By Adam DuBard
The Capitol Hill riot on January 6, 2021, was an event completely without precedent, and one that captured the nation’s attention immediately. Following a rally where President Trump and several of his closest supporters, including several members of Congress, spoke, thousands of Trump supporters marched from the White House to Capitol Hill. There the mass of Trump supporters, QAnon adherents, and various right-wing militias overwhelmed the underprepared Capitol Hill police and stormed into the Capitol building, coming mere seconds from encountering Vice President Mike Pence and other members of Congress, according to reporting from the Washington Post.
While a majority of the details of the events on January 6th took days for the media to investigate and report, many of the first images of the riots came directly from participants as they live-streamed their incursion into the seat of the American government. As Ian W. Karbal in the Columbia Journalism Review wrote, the mob “was its own media.” In one instance, rioters were captured on video attempting to destroy Associated Press equipment while chanting “We are the news now.”
The fallout of hundreds of Americans documenting and openly bragging about their criminal activity on social media was predictable – many of the mob participants’ court filings indicated that their social media posts were key to the cases against them. While many took the opportunity to mock these rioters, the underlying element of this phenomenon should not be trivialized. The Capitol riot continued the growing trend of violent events being live-streamed by their perpetrators.
The white supremacist who attacked two mosques in Christchurch, New Zealand in 2019, killing 51 Muslim worshippers, live-streamed their attack on Facebook. Although Facebook claimed that the original video was only viewed 4,000 times before its deletion, Facebook users attempted to upload the video again 1.5 million times in the next 24 hours, with 300,000 attempts slipping through Facebook’s censors. More relevant to the Capitol riot, QAnon adherent Jessica Prim drove from Illinois to New York City in May 2020, live-streaming her journey on Facebook. After posting on Facebook that “Hillary Clinton and her assistant, Joe Biden and Tony Podesta need to be taken out in the name of Babylon,” she was arrested by New York City Police while driving erratically around the city.
Then the Capitol Riots happened, and in real-time hundreds of the mob, participants were streaming the events first-person and live to their thousands of followers. Many of the streamers were seeking to capitalize financially by gaining more followers and increasing their online presence. As Karbal details, numerous rioters streaming their activities on January 6th did so on DLive, a streaming service that has drawn numerous white supremacists to its platform. On DLive, viewers can send “lemons” or online currency that is worth a fraction of a cent, to streamers. Several of the live streamers on January 6th earned hundreds of dollars by streaming their activities, while also gaining more followers for future endeavors.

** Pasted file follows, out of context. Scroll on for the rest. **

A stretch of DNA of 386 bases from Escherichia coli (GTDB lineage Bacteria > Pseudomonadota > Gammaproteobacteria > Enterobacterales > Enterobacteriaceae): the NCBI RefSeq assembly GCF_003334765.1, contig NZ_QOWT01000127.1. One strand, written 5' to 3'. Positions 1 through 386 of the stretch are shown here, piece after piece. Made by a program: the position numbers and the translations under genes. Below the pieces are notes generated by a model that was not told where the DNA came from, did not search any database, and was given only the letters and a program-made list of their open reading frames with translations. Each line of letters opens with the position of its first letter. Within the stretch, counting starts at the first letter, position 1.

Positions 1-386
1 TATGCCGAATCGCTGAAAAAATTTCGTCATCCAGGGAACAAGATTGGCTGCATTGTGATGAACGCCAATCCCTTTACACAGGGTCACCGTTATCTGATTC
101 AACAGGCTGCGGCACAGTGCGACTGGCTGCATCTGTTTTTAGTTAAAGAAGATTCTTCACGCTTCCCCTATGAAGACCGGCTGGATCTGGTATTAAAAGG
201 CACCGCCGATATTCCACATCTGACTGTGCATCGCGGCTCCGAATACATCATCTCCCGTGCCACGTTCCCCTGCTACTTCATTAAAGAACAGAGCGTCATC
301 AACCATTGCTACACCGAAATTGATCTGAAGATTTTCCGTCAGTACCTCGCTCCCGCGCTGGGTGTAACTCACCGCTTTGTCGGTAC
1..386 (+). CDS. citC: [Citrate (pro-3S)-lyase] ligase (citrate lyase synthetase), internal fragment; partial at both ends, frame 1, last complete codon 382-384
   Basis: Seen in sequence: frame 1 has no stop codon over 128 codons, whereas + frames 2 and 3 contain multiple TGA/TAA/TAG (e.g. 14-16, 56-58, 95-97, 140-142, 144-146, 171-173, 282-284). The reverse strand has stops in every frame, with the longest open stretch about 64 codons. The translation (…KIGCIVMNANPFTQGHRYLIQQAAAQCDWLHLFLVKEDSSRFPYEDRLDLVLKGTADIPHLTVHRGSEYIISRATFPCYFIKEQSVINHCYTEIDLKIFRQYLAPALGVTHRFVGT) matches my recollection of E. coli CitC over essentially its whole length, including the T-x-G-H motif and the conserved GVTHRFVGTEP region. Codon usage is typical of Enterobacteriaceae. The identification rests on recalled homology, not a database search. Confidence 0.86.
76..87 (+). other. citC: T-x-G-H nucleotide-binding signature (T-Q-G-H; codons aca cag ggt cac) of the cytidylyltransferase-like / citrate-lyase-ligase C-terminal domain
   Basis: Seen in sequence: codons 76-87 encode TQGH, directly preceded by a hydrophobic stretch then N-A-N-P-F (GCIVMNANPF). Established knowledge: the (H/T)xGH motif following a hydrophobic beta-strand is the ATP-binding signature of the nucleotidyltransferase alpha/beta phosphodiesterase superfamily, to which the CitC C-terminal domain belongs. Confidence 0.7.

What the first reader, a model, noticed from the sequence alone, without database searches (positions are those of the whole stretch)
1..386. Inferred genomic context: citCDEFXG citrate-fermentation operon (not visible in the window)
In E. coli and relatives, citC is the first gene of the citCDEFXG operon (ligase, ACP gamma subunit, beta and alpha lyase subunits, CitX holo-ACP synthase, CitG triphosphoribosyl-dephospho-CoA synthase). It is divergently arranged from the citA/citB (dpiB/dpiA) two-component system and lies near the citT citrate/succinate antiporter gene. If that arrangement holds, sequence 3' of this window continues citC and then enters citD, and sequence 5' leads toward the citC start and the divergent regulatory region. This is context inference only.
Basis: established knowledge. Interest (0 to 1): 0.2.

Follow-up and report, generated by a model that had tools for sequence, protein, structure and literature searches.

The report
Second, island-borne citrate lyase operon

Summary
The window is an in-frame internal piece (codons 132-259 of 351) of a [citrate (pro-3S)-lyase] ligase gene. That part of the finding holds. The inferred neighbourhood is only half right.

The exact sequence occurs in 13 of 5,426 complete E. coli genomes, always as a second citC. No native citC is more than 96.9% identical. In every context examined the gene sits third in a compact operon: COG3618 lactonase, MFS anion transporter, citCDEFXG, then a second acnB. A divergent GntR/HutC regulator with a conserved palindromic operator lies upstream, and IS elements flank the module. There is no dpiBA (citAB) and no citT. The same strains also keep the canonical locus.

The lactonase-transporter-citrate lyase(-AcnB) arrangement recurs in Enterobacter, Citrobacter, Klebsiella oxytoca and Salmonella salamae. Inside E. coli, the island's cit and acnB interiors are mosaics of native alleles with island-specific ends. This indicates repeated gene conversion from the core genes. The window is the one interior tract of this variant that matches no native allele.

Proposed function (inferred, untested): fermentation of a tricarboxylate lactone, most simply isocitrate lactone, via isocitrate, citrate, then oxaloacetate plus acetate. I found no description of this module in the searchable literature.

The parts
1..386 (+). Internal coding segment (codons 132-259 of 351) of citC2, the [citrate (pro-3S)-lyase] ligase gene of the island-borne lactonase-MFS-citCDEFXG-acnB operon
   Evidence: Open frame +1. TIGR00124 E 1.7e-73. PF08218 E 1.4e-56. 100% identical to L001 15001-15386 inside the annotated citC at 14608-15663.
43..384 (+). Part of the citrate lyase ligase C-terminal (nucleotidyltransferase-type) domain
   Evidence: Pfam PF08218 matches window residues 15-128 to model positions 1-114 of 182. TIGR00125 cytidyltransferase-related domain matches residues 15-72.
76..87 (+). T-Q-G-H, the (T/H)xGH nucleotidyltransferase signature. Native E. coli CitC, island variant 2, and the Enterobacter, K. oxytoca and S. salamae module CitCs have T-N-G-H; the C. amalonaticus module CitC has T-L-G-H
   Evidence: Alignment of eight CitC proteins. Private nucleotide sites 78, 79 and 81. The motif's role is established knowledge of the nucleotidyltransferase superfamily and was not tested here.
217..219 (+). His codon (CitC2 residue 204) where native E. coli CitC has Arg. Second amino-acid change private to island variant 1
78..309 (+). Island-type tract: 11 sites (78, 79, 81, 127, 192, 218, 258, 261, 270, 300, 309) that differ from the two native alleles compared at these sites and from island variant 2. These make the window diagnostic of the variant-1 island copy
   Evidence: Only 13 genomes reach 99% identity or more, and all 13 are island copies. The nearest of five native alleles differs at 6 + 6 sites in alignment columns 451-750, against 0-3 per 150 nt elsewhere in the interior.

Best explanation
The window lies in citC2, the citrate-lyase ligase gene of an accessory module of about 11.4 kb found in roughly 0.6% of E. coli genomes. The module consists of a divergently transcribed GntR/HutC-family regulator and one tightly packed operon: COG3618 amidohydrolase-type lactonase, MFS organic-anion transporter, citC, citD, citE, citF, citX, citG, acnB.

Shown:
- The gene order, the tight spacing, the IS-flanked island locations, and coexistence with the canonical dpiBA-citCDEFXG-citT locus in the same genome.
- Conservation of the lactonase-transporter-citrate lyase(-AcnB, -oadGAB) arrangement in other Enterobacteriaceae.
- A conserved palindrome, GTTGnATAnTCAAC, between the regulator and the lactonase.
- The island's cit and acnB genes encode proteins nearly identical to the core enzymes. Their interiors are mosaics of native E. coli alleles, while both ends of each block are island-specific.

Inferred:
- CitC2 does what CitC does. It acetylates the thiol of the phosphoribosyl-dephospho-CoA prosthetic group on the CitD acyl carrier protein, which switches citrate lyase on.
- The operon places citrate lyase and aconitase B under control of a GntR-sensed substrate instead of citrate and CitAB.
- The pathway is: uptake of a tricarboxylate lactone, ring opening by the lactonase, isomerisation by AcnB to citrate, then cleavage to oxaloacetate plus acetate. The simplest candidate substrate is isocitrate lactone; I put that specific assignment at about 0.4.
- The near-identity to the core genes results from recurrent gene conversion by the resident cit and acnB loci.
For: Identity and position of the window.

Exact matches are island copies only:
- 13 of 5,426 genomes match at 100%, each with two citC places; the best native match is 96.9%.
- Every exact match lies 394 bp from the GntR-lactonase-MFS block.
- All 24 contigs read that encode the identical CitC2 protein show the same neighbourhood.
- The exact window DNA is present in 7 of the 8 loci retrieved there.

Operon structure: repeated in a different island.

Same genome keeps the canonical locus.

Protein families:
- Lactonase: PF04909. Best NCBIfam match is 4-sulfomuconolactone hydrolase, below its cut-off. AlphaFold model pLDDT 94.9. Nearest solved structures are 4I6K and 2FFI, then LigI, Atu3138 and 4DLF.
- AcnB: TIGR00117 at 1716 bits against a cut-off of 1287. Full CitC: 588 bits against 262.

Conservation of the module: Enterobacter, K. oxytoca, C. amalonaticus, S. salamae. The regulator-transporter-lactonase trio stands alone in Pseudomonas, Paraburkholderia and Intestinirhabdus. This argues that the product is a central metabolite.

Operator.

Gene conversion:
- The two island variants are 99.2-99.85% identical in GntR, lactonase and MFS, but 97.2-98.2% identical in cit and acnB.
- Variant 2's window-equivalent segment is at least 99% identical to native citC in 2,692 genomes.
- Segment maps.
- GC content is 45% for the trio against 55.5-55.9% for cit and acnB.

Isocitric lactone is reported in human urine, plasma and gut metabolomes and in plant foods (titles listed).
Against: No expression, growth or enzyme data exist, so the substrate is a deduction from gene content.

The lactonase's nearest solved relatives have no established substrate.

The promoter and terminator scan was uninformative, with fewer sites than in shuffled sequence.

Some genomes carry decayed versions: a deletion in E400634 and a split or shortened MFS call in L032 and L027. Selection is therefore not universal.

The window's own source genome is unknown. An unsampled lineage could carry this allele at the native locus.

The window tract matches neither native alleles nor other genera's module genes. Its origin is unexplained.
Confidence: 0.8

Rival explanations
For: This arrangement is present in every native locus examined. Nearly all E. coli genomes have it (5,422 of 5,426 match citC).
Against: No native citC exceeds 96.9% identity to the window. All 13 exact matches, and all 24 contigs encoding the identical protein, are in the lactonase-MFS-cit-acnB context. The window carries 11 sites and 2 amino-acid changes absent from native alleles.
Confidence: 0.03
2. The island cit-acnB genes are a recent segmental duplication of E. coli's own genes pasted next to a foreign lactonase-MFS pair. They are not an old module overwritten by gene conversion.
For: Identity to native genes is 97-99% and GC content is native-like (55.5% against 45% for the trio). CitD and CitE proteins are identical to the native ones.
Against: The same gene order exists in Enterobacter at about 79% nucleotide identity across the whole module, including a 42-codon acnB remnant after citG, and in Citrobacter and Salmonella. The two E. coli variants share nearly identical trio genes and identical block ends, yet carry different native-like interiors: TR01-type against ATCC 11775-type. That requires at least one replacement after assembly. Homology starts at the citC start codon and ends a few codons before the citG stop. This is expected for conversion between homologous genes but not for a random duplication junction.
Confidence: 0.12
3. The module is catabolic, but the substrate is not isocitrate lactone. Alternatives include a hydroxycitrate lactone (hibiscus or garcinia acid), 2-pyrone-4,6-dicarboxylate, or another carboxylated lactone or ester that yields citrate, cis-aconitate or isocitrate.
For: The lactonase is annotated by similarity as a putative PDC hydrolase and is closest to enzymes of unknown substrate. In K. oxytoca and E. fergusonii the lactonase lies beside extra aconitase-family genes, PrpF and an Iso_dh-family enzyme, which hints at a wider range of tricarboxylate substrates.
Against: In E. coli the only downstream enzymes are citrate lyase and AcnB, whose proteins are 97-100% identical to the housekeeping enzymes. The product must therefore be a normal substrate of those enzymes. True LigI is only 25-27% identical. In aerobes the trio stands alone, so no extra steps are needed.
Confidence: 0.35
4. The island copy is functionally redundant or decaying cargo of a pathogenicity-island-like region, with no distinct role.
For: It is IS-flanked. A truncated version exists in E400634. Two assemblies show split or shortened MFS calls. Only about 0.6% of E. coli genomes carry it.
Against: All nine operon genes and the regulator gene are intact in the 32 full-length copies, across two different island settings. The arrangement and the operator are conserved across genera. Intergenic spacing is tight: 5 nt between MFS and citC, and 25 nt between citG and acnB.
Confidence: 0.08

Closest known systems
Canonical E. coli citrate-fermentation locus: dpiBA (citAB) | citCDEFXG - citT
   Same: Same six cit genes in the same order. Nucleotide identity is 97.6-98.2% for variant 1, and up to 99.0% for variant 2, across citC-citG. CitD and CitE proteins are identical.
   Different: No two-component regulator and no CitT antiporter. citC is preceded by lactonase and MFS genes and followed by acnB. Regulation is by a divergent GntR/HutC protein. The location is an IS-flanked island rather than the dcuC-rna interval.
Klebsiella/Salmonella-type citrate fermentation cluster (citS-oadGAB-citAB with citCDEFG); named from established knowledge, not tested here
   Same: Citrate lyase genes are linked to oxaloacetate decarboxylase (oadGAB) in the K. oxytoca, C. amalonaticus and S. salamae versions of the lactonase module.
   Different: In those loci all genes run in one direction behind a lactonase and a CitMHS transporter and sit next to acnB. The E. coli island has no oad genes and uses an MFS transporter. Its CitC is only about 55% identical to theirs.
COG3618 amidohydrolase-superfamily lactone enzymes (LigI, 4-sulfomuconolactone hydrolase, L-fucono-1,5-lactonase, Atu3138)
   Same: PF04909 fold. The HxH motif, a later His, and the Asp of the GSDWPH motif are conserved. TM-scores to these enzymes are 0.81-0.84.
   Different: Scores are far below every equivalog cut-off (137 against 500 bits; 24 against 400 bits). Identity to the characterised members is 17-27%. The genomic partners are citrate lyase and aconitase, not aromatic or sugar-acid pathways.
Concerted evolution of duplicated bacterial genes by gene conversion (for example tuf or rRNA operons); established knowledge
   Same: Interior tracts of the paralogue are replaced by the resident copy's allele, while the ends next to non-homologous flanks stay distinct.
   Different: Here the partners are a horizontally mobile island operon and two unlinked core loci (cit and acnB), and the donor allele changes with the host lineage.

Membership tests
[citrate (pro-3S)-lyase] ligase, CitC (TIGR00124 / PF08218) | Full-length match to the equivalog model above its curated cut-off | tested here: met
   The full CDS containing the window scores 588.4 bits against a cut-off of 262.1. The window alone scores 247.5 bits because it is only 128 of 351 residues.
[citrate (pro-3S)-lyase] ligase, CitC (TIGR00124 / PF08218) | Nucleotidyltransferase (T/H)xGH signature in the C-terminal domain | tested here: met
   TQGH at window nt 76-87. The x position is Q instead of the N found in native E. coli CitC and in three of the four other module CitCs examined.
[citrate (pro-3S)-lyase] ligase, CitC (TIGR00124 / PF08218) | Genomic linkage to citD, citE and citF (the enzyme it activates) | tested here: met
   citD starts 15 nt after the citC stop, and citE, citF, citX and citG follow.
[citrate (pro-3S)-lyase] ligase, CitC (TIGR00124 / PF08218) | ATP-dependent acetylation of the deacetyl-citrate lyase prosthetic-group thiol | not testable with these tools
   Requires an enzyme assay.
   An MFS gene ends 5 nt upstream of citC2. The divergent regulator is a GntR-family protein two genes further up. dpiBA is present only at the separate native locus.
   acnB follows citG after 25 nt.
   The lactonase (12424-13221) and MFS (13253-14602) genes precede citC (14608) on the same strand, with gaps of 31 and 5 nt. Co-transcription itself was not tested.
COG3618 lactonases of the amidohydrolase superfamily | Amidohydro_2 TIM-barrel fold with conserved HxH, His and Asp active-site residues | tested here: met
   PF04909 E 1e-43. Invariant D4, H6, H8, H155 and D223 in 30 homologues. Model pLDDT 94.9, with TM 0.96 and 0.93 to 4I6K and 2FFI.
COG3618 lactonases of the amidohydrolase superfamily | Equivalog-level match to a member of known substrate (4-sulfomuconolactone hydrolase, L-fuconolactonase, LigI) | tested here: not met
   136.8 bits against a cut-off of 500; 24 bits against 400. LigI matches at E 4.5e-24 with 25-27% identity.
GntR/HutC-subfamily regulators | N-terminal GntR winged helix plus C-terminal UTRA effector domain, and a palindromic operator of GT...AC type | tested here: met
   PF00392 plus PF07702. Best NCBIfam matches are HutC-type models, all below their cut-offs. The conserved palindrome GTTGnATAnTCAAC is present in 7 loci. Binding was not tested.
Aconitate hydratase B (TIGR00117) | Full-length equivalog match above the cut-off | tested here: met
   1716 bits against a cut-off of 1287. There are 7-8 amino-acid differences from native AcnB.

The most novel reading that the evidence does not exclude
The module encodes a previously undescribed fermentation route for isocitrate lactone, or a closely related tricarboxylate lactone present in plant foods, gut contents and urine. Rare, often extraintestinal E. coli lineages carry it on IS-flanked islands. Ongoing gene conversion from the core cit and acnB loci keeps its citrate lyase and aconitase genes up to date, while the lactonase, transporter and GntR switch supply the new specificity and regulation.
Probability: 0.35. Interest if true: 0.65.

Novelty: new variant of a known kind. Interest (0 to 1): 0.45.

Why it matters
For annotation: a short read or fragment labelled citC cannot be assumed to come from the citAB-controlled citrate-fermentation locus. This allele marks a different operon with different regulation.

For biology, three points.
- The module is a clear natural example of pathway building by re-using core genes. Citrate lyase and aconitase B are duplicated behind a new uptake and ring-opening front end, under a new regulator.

The financial aspect of the live streams, however, is not the only significant aspect of the mob participants taking media into their own hands. Much has been made of the decline of traditional American media in years past, which has had significant consequences for how Americans receive their news. In January Axios reported that trust in traditional media was at a new low of 46%, according to Edelman’s annual trust barometer. This trend of declining trust has coincided with a considerable drop in the number of local news outlets across the country. According to a report from the University of North Carolina Hussman School of Journalism and Media, more than one in five of all newspapers closed from 2004 to 2019, leaving nearly 200 counties without a local newspaper and 3,143 counties with only one local newspaper. Further, the remaining newspapers are being consolidated under larger corporate media entities, only shrinking the ideological diversity of the news available to Americans.
As American local news outlets disappear, trust has dropped in traditional news outlets, and more Americans are receiving their news from alternative means than ever before. According to a Pew Research Center survey conducted from August to September of 2020, 36% of respondents regularly receive their news from Facebook, 23% from Youtube, and 15% from Twitter.
As Dr. Narges Bajoghli, an assistant professor at SAIS and an award-winning anthropologist, filmmaker, and writer noted, “The problem we have in American society today is exasperated by a profit-driven social media world.” Further, she was struck by how significantly the narratives pushed by the Capitol rioters varied from those presented by the mainstream press. “We’re in a moment when we’re seeing very publicly how the same exact events are interpreted completely differently,” Dr. Bajoghli continued. However, she warned that this was not a phenomenon limited to the media ecosystem. “The underlying economic precarity can’t be ignored. It’s been impossible to make ends meet for far too many Americans in this economy for years now, and it’s only getting worse […] Part of the issue with what we’re seeing in our politics and social life is the failure of neoliberal capitalism.”
The COVID-19 pandemic has wrought chaos on global markets and significantly altered status quos around the world. In many instances, the pandemic has merely exacerbated already existing fragments in society. QAnon researchers have highlighted that the pandemic has catalyzed the spread of conspiracy theories, QAnon most prominently. The increasing personal isolation, economic downturn, and gutting of traditional American media sources have wrought significant damage to American society, with the consequences coming to a head-on January 6th on Capitol Hill for all the world to see.